Washington: President Donald trump has said the US is "locked and loaded" to respond to an attack on Saudi oil infrastructure which it has blamed on Iran.
It is the first time the president has hinted at a potential American military response to the attack, which has halved Saudi oil production and led both the countries to announce that they may have to tap their strategic oil reserves.
But even as Trump upped the ante there was confusion about his true intentions. It was unclear whether his "locked and loaded" phraseology was addressed at Iran or its proxies in Iraq or Yemen. Also, it was unclear whether Trump was only intending to rattle Iran.
Nonetheless, the incoherent American policy and game of brinkmanship threatens to inadvertently drag the US into a conflict that could quickly escalate with unpredictable, damaging consequences in the Middle East and beyond.
The government also released satellite photographs showing at least 17 points of impact at Saudi oil installations. The strikes seem to have come from the direction of Iran or Iraq, rather than from Yemen, where the Iranian-backed Houthi militia are holed up.
Trump, however, did not name Iran, saying he needed to consult Saudi Arabia first. Saudi-led coalition spokes-man Lieutenant Colonel Turki al-Malki said in a news conference on Monday that Iranian weapons were used in the attacks.
However, the spokesperson did not provide details on the weapons used. Significantly, he also said the attack was not launched from Yemen.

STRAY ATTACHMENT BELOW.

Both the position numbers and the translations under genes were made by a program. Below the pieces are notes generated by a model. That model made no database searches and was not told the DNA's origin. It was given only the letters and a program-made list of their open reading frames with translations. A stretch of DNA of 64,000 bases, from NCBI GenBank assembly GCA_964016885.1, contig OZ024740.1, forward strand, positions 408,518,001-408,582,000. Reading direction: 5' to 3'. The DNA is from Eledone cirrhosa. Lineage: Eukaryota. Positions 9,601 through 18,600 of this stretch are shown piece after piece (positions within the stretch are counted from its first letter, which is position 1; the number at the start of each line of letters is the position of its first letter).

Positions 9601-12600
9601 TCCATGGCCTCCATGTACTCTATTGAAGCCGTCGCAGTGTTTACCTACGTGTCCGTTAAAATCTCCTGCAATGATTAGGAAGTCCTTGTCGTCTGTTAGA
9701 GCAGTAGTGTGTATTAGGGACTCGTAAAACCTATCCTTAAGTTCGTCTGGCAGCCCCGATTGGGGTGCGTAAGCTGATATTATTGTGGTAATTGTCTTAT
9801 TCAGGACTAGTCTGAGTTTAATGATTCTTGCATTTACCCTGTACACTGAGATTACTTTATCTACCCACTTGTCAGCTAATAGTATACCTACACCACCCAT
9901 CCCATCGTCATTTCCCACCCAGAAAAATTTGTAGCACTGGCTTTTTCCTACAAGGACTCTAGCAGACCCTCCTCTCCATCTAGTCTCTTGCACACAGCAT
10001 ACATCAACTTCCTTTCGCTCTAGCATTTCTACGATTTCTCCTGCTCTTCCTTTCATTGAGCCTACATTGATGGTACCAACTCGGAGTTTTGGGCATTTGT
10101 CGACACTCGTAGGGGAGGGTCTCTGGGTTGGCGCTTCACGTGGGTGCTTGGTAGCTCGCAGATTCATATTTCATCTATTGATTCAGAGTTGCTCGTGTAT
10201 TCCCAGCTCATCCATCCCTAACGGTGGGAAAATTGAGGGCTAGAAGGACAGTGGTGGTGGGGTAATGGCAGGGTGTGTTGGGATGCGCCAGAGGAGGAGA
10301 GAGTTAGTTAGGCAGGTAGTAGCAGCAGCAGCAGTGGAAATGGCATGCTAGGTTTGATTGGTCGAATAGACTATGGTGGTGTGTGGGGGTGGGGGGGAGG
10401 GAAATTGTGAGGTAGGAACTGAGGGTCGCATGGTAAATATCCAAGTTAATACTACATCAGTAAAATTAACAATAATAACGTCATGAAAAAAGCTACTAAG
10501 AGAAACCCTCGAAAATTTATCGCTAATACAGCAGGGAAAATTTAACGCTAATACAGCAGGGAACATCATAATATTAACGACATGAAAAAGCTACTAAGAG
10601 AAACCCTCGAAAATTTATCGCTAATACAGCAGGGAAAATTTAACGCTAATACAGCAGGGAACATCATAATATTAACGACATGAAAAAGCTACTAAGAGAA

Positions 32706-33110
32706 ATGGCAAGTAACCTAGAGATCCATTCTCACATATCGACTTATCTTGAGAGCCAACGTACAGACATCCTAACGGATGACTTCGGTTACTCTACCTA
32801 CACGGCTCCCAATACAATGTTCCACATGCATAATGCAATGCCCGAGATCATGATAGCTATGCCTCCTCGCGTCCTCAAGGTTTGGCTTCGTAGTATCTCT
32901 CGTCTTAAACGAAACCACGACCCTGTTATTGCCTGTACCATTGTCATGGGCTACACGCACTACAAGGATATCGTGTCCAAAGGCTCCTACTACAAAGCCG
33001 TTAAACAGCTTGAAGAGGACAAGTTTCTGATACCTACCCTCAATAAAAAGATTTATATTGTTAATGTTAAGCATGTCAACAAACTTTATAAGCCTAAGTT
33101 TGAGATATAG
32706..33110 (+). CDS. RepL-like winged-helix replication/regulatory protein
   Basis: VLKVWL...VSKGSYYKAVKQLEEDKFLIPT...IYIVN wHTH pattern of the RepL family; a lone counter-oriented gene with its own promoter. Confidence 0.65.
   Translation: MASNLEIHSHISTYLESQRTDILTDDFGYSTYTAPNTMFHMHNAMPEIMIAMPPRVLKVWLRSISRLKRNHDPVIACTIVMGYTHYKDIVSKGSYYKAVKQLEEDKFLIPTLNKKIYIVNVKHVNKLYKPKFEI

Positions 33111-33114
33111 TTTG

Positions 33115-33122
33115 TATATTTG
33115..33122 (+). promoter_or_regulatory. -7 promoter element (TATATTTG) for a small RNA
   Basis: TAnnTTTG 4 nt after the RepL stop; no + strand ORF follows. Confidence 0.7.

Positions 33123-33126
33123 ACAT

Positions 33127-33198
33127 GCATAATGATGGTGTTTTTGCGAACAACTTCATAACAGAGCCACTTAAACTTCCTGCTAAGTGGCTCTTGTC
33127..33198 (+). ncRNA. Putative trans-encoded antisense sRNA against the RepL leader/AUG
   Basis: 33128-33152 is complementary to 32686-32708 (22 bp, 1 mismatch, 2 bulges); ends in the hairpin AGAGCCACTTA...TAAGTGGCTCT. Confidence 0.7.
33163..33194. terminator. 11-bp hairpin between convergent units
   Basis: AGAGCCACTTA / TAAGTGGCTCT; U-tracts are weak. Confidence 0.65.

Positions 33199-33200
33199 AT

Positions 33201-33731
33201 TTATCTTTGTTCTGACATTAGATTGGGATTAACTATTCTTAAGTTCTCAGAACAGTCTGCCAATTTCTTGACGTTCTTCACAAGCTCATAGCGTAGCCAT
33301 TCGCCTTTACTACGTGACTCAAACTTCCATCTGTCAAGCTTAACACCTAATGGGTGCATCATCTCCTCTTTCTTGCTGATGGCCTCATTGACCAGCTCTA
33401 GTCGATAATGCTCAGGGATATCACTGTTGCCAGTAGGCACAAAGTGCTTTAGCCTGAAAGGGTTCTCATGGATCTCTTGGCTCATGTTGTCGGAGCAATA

(Yemen's Houthi rebels on Saturday had claimed responsibility for the attack, saying they conducted the strikes — using 10 drones — in retaliation for Saudi Arabia's military campaign against the group in Yemen.)
An Iranian strategist said the message to the West and its regional allies was clear. If the United States strikes Iran, “the flames of war in the Persian Gulf will burn you all,” he said.
A senior commander for the Revolutionary Guards insisted that the country was ready for “full-fledged” war. “Everybody should know that all American bases and their aircraft carriers in a distance of up to 2,000 km around Iran are within the range of our missiles,” said Gen. Amir Ali Hajizadeh, the head of the Revolutionary Guards’ air force.
Saudi de facto ruler Crown Prince Mohammed bin Salman said the kingdom is "willing and able" to respond to this "terrorist aggression." But a tit-for-tat strike on Iranian oil fields is "highly unlikely," Middle East expert James Dorsey told AFP.
"The Saudis do not want an open conflict with Iran. The Saudis would like others to fight that war, and the others are reluctant," said Dorsey, from the S. Rajaratnam School of International Studies in Singapore.